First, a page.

Essay on MIC (call for comments/action)

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Essay on MIC (call for comments/action)

Postby Blackstone on Thu Nov 20, 2008 9:49 pm

Microbiologically Influenced Corrosion (MIC)

NFPA 13 (2002), Section 14.2.2 requires information on any MIC treatment plans to be submitted with the shop drawings “where the Section 15.1.5 required water supply evaluation indicates treatment is indicated”, but all this is contingent upon information from the owner to the contractor required by Section 4.3(3) that the water supply is or is not in need of treatment.

[It should be noted that the handbook alludes that the owner’s certificate needs to ask the owner of any need for the water supply to be treated, but the sample owner’s certificate in Figure A.14.1(b) does not even suggest this…and the handbook indicates the owner’s certificate should accompany preliminary (building permit) plans, but is not actually required anywhere nor is this ever done since it is not ‘specifically required’ anywhere.]

The ‘requirement’ that the water supply be evaluated in order to require any treatment plan to be ‘submitted’ for approval with the shop drawings just ends up in a nice vicious indecisive logic loop that seems to effectively go nowhere!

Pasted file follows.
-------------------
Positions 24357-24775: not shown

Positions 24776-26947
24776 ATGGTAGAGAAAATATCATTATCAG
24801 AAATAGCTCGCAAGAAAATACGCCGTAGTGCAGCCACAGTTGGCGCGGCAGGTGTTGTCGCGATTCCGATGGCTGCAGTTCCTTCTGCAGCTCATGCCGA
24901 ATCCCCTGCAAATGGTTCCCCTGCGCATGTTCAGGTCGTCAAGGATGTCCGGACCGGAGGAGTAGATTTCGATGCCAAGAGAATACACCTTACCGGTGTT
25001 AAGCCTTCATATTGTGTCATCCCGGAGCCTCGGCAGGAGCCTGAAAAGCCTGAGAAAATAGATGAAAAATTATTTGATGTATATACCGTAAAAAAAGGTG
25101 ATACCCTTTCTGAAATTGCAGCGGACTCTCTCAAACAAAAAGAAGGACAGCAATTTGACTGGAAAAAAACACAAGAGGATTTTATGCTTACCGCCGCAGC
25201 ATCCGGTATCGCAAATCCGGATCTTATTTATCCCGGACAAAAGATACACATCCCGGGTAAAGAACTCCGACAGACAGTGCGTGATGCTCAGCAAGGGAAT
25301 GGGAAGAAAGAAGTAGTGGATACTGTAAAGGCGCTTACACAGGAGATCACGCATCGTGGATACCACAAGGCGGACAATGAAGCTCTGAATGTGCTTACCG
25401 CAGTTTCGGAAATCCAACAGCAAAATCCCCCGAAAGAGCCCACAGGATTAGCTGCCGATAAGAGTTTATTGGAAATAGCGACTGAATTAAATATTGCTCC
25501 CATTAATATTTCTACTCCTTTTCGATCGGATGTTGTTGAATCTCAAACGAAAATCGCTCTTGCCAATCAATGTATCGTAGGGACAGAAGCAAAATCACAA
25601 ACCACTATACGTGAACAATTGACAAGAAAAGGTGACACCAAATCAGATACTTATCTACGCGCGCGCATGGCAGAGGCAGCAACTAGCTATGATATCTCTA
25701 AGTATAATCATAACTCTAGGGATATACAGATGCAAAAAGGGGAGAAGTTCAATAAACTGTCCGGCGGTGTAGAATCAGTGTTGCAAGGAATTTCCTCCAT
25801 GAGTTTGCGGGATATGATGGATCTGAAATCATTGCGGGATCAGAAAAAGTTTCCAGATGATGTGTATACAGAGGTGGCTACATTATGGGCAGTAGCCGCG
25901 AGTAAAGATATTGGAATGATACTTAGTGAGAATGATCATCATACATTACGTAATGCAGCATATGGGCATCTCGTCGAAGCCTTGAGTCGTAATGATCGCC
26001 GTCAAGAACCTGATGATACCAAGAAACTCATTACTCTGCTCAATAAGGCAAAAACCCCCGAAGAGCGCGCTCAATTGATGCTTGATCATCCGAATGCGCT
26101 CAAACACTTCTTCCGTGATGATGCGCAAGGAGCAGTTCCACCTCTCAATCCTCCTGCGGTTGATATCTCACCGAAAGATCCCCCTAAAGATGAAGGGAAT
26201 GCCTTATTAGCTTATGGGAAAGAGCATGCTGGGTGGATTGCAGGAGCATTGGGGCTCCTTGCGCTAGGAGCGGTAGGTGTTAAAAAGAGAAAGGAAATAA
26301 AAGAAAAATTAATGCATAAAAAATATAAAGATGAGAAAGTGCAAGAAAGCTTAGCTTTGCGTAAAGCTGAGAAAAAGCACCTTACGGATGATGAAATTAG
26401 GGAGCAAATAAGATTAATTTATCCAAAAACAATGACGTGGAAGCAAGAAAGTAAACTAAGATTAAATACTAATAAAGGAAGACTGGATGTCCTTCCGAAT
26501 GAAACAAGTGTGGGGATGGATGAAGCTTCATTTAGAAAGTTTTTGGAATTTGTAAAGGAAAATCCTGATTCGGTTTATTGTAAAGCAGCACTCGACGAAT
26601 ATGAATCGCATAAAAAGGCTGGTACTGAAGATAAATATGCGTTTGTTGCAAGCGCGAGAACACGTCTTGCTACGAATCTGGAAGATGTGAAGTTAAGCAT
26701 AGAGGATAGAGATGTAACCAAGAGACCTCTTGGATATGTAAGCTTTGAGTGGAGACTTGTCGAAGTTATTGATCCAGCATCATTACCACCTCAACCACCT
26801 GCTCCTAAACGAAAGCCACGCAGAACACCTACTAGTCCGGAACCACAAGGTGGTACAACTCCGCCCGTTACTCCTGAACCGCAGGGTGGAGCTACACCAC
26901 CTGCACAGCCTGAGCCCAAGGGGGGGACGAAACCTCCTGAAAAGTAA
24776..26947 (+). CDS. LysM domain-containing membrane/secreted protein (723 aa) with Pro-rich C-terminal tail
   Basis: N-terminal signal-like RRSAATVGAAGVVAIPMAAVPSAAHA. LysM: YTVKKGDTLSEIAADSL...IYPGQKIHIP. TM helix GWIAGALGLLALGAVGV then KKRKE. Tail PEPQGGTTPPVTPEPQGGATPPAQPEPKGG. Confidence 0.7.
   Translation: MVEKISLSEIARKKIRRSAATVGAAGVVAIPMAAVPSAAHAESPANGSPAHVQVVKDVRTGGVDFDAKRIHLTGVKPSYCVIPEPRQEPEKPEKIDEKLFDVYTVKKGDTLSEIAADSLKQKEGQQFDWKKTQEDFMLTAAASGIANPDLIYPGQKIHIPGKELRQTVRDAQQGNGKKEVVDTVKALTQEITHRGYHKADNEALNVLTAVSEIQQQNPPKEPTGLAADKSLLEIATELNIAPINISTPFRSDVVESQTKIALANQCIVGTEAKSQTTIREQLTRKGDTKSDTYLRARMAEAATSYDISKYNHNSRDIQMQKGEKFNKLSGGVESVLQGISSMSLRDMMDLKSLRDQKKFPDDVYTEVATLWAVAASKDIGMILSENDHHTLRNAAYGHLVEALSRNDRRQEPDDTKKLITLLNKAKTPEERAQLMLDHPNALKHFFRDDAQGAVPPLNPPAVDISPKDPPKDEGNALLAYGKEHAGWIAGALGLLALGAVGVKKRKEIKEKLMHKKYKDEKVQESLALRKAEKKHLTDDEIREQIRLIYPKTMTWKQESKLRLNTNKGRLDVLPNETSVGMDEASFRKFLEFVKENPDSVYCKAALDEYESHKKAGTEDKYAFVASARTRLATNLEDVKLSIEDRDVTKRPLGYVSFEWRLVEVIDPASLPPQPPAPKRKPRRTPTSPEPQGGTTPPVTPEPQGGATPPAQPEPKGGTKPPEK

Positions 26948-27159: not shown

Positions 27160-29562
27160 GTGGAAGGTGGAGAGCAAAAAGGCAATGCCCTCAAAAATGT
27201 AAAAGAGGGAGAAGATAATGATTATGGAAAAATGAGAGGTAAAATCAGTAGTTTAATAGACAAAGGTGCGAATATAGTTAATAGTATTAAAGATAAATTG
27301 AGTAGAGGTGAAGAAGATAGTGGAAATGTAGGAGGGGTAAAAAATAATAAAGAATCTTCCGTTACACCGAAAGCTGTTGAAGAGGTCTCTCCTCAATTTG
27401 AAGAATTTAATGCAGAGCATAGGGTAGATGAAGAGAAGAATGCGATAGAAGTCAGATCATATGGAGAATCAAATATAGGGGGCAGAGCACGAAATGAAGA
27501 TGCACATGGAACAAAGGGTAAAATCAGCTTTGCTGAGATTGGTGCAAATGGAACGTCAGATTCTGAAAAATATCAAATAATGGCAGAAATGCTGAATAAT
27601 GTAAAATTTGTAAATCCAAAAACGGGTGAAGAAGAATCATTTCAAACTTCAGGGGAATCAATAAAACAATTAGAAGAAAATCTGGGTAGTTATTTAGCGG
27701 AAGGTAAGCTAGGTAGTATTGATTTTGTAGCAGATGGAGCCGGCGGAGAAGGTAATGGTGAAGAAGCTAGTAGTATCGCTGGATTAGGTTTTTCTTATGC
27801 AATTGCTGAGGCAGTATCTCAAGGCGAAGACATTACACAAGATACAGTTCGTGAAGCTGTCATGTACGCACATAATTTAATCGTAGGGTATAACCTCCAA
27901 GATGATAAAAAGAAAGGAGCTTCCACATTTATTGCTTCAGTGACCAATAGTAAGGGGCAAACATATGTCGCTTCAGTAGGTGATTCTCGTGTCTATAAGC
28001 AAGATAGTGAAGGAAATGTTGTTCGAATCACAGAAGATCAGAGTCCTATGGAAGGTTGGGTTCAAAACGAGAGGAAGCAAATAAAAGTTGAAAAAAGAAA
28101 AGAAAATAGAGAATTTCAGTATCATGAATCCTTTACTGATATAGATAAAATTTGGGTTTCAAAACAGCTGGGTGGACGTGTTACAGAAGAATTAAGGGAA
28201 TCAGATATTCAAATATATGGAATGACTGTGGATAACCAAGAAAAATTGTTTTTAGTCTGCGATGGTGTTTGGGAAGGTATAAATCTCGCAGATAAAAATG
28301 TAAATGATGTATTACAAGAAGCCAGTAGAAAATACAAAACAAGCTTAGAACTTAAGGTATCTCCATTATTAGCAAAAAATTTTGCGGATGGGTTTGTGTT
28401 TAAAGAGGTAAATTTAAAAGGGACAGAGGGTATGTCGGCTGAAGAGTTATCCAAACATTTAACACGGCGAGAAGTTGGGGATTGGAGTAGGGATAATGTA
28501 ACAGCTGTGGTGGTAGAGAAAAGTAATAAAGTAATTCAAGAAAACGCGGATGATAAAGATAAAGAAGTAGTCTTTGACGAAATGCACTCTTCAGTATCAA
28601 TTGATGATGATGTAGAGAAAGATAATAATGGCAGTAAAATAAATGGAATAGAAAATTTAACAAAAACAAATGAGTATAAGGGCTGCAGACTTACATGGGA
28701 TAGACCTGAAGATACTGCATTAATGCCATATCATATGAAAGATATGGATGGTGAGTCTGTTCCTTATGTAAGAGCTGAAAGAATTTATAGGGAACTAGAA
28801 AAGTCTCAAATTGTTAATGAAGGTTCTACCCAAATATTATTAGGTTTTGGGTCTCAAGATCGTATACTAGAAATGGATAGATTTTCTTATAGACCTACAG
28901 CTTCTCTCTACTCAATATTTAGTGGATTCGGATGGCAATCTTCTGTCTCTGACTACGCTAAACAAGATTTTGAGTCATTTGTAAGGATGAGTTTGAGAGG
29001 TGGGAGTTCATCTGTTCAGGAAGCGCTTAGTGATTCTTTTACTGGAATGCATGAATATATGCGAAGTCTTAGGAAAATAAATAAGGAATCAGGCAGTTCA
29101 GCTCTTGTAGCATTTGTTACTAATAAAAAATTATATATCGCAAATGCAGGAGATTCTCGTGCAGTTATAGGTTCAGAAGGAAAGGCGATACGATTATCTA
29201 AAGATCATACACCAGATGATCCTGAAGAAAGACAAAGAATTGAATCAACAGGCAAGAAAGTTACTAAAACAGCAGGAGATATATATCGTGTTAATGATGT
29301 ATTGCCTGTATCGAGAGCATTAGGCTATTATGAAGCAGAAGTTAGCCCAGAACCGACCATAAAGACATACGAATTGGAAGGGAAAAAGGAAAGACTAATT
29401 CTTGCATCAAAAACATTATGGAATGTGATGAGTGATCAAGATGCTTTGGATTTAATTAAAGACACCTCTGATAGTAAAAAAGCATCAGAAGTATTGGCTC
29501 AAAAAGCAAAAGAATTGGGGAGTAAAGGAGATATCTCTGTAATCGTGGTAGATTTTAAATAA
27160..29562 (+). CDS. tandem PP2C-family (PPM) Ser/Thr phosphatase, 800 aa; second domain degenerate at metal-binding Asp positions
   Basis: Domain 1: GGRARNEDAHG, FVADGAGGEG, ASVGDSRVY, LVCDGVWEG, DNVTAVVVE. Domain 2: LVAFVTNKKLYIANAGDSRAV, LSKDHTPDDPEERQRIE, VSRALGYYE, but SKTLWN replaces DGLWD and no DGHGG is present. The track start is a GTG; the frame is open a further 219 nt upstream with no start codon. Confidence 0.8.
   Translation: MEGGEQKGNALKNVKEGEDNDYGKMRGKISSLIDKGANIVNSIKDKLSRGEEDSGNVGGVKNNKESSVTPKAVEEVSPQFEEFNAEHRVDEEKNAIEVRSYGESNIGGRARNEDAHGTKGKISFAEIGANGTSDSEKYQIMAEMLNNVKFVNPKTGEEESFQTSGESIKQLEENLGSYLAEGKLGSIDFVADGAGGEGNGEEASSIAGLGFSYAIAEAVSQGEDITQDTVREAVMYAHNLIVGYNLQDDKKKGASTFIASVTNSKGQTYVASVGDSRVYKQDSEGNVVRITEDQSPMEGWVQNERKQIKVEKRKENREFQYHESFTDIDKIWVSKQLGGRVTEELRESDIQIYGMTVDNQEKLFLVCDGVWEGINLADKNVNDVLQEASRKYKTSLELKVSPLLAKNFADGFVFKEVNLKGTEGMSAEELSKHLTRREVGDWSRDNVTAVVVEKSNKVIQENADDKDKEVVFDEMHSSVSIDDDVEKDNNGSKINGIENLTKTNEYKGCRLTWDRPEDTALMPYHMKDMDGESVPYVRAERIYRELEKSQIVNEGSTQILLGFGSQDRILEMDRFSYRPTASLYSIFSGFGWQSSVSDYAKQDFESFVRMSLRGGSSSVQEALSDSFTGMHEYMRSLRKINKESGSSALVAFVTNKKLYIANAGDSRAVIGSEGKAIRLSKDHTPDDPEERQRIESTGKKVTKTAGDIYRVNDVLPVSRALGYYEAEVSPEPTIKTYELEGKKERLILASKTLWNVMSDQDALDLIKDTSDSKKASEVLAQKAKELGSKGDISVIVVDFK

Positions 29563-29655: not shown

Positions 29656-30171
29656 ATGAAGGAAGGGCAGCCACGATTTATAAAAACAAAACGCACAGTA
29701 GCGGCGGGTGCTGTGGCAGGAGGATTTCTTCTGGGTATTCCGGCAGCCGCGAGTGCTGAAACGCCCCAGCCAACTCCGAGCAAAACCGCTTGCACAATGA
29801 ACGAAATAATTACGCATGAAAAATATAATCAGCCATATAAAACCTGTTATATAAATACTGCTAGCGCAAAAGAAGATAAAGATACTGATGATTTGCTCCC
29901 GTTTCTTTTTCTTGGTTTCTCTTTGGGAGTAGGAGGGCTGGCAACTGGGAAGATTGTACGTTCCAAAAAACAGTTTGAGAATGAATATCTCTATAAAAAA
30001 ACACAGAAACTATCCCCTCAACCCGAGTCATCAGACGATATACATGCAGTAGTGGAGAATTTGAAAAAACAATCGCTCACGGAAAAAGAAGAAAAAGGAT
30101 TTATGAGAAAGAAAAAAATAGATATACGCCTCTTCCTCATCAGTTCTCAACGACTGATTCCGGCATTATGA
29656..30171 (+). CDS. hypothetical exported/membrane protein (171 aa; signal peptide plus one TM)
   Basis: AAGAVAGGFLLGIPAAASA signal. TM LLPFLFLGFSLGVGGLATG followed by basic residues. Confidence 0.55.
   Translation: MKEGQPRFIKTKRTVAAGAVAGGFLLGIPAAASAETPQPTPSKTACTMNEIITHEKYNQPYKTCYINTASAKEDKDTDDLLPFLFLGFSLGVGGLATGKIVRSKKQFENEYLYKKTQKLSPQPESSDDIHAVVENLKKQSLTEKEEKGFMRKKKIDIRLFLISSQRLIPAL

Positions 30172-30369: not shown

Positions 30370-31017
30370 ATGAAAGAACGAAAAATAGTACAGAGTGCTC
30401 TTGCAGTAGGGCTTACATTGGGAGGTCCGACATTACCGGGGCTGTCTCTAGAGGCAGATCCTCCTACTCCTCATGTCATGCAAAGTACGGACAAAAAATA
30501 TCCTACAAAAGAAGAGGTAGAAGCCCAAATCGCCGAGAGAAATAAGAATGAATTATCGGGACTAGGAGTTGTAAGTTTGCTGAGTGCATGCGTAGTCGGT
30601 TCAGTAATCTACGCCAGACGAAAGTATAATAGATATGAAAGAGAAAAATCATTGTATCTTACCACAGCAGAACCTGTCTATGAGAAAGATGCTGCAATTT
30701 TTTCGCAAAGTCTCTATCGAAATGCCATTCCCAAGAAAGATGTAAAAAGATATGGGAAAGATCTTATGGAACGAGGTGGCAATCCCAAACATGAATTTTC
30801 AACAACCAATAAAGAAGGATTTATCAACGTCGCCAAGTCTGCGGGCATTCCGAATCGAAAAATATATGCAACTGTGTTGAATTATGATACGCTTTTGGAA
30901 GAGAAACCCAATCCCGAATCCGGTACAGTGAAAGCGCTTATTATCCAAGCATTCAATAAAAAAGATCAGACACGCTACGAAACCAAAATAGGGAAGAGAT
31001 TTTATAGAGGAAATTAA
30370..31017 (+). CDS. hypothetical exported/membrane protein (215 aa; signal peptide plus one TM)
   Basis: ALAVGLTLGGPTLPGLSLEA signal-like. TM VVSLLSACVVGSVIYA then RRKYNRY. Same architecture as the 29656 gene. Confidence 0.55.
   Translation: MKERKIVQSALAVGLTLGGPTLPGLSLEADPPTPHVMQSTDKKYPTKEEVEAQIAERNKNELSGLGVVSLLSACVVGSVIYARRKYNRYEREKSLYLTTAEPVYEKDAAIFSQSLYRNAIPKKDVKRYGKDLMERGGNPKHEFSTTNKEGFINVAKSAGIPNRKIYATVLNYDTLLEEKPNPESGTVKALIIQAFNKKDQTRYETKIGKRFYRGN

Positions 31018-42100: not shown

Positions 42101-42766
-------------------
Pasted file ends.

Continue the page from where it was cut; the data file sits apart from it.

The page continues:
The owner claims they are ignorant of the requirement since nobody tells them about it and they completed the duly required information owner’s certificate ‘form’, the contractor says the owner never told them about any needs, typically using the sample owner’s certificate in NFPA 13 (2002) as the evidence they were not told, and the water supply is thereby never even evaluated, nor is it treated, and fire safety typically suffers as the piping may or may not deteriorate hydraulically and/or in oh so many other ways.

The real question is – what was NFPA’s ‘intent’?

1) Was it to purposefully put the alleged ‘requirement’ for water supply testing/treatment into the main body, but weaken it to the point that it could’ve effectively just been left out of the standard for all the good it does trying to enforce any of it; or

2) Was the intent to require shop drawings provide information that the water supply was evaluated and the information from that evaluation included with the shop drawings thus justifying that treatment information required by Section 14.2.2 is not required?

Answer 1 means 'pass the buck' to the victim...the public who only has the visual illusion of fire protection of the system that may or may not actually work as designed by the alleged 'conscientious contractor' as required by the 'responsible owner', and the conceptual illusion that the 'authorities' are verifying system integrity.

Answer 2 means shop drawings must either include test reports indicating no MIC is present, or submit test reports indicating presence of MIC including its intended treatment for review and approval.
We find consulations, we learn tricks with which we deceive ourselves, but the essential thing - the way - we do not find. Listen to the river.

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